School of Population Health

Potential Research Topics


The School has a wide range of research expertise in the field of Public Health and Health Services Management. Research candidates seeking to undertake a PhD, Masters by Research or Master of Philosophy can look for potential research topics through the following resources:

Research Expertise

Health Systems and Management

Academic Research Profiles

Immunisation and Infectious Diseases

Aboriginal and Torres Strait Islander Health

Non-Communicable Diseases

Child and Adolescent Health

Primary Health Care

Global Health

Social Research
 

 

EOI: Research Masters/PhD Opportunity

 

Ironbark project: implementation and evaluation

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Are you an Aboriginal and Torres Strait Islander person interested in contributing to research around healthy ageing in older Aboriginal people?

Prof Rebecca Ivers (School of Population Health, UNSW) is seeking expressions of interest from candidates to undertake a two-year Masters by Research (MRes), with a potential pathway to upgrade to a Doctor of Philosophy (PhD). The research will focus on implementation and evaluation of a community-based falls prevention and healthy ageing program for Aboriginal people 45 years and older, the Ironbark Program.

The main trial, funded by the National Health and Medical Research Council of Australia, aims to evaluate the Ironbark program’s impact on strength and balance of participants, fall rates; social and emotional wellbeing; independence and mobility. The study also includes an embedded process evaluation that aims to explore relationships between participation and program outcomes. This MRes/PhD opportunity will focus on the strength of program implementation in community settings. For further information about the trial, please visit our website: www.ironbarkproject.org.au

What will you be contributing to?

Falls prevention and healthy ageing programs for older Aboriginal people are an area of increasing need as the Aboriginal population ages. The Ironbark program is community-based, involving yarning circles combined with balance and strength training that has been developed with strong Aboriginal community oversight. Through this research, you will be contributing to the evidence base around program implementation and process evaluation for Aboriginal community projects, with potential for direct translation into national policy and program development. The process evaluation will use a mixed methods design, guided by Indigenous research methodology.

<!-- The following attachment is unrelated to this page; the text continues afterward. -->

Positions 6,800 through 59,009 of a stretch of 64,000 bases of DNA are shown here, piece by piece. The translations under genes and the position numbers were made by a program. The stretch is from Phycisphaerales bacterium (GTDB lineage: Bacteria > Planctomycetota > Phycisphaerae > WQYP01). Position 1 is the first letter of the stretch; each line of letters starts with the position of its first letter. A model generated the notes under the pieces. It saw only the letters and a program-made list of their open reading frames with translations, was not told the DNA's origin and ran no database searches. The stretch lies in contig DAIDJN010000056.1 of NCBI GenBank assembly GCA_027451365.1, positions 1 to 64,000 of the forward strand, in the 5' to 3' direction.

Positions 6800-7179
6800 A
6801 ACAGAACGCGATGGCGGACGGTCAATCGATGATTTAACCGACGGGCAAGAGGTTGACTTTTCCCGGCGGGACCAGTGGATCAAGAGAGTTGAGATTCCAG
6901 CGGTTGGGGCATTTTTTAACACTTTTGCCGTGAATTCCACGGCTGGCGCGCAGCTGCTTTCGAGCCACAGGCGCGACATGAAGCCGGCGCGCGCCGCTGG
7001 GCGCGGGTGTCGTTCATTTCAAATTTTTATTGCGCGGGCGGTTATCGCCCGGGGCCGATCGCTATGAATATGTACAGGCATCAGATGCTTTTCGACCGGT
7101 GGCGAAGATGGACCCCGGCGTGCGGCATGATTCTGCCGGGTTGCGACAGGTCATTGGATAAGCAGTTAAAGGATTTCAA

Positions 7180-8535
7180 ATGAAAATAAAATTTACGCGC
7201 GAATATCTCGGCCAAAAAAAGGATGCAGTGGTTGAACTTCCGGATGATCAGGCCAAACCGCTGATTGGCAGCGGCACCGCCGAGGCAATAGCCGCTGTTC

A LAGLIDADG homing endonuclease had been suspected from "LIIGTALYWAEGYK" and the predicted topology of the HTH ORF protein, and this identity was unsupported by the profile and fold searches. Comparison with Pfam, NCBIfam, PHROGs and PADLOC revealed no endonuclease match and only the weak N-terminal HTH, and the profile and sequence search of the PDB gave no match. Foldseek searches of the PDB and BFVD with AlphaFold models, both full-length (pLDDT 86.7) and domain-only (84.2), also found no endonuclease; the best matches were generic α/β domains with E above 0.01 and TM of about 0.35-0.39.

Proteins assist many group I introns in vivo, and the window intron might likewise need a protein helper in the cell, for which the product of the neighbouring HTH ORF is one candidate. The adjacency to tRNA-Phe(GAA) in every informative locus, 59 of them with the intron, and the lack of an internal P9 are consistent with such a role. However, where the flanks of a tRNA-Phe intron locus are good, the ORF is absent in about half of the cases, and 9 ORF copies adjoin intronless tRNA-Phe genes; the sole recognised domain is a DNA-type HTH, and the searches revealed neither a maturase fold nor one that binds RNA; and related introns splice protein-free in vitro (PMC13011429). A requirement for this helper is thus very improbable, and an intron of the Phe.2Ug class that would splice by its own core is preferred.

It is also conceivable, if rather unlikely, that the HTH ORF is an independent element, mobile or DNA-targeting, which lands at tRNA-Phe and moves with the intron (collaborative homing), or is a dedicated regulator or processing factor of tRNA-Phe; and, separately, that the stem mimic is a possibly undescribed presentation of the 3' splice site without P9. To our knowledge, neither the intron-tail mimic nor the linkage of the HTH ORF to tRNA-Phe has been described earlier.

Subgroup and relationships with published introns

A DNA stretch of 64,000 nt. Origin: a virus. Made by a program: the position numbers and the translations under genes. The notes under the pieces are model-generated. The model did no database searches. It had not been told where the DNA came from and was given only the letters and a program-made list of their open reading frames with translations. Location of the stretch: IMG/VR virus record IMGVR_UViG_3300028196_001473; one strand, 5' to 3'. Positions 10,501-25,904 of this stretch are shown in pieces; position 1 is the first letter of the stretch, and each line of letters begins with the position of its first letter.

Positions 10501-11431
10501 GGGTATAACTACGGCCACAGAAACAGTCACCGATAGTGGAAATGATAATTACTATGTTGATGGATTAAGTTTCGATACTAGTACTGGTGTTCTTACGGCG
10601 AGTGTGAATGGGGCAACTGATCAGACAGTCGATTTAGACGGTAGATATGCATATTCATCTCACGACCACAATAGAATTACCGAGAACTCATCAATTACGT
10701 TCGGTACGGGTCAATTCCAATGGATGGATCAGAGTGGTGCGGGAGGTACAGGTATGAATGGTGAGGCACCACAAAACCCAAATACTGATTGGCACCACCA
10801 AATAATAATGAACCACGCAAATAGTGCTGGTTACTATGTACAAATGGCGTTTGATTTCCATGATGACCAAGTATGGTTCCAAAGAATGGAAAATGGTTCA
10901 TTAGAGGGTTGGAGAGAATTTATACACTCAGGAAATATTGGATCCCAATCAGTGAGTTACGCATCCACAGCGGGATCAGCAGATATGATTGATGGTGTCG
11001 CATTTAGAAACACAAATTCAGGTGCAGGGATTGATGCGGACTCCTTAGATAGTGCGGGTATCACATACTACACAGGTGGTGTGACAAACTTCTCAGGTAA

Why study with us?

You will have the opportunity to engage in high quality research under the guidance of expert researchers and supervisors. The Ironbark trial is being conducted by Aboriginal and non-Aboriginal researchers from the University of New South Wales, the George Institute for Global Health, the University of Sydney, Flinders University, University of Wollongong and Curtin University. You will be supported through a $40,000 tax free scholarship per annum.

Who we are looking for?

If you have an undergraduate degree in public health, allied health, social sciences, medical/health sciences, psychology, or related field, or Honours degree, and have experience working with Aboriginal communities to conduct research and program evaluation, contact us now! You must also be an Australian or New Zealand citizen or an Australian permanent resident.

This position is open to Aboriginal and Torres Strait Islander applicants only. UNSW has obtained an exemption under section 126 of the Anti-Discrimination Act 1977 (NSW) to designate and recruit professional and academic positions for Aboriginal and Torres Strait Islander persons only, to fulfil UNSW’s goal of a representative workforce rate.

More information

To explore this opportunity further please send your expression of interest via a Cover Letter and CV, with any questions to Dr Rona Macniven (r.macniven@unsw.edu.au) or Professor Rebecca Ivers (rebecca.ivers@unsw.edu.au). Applications will be reviewed as received so please apply as soon as possible.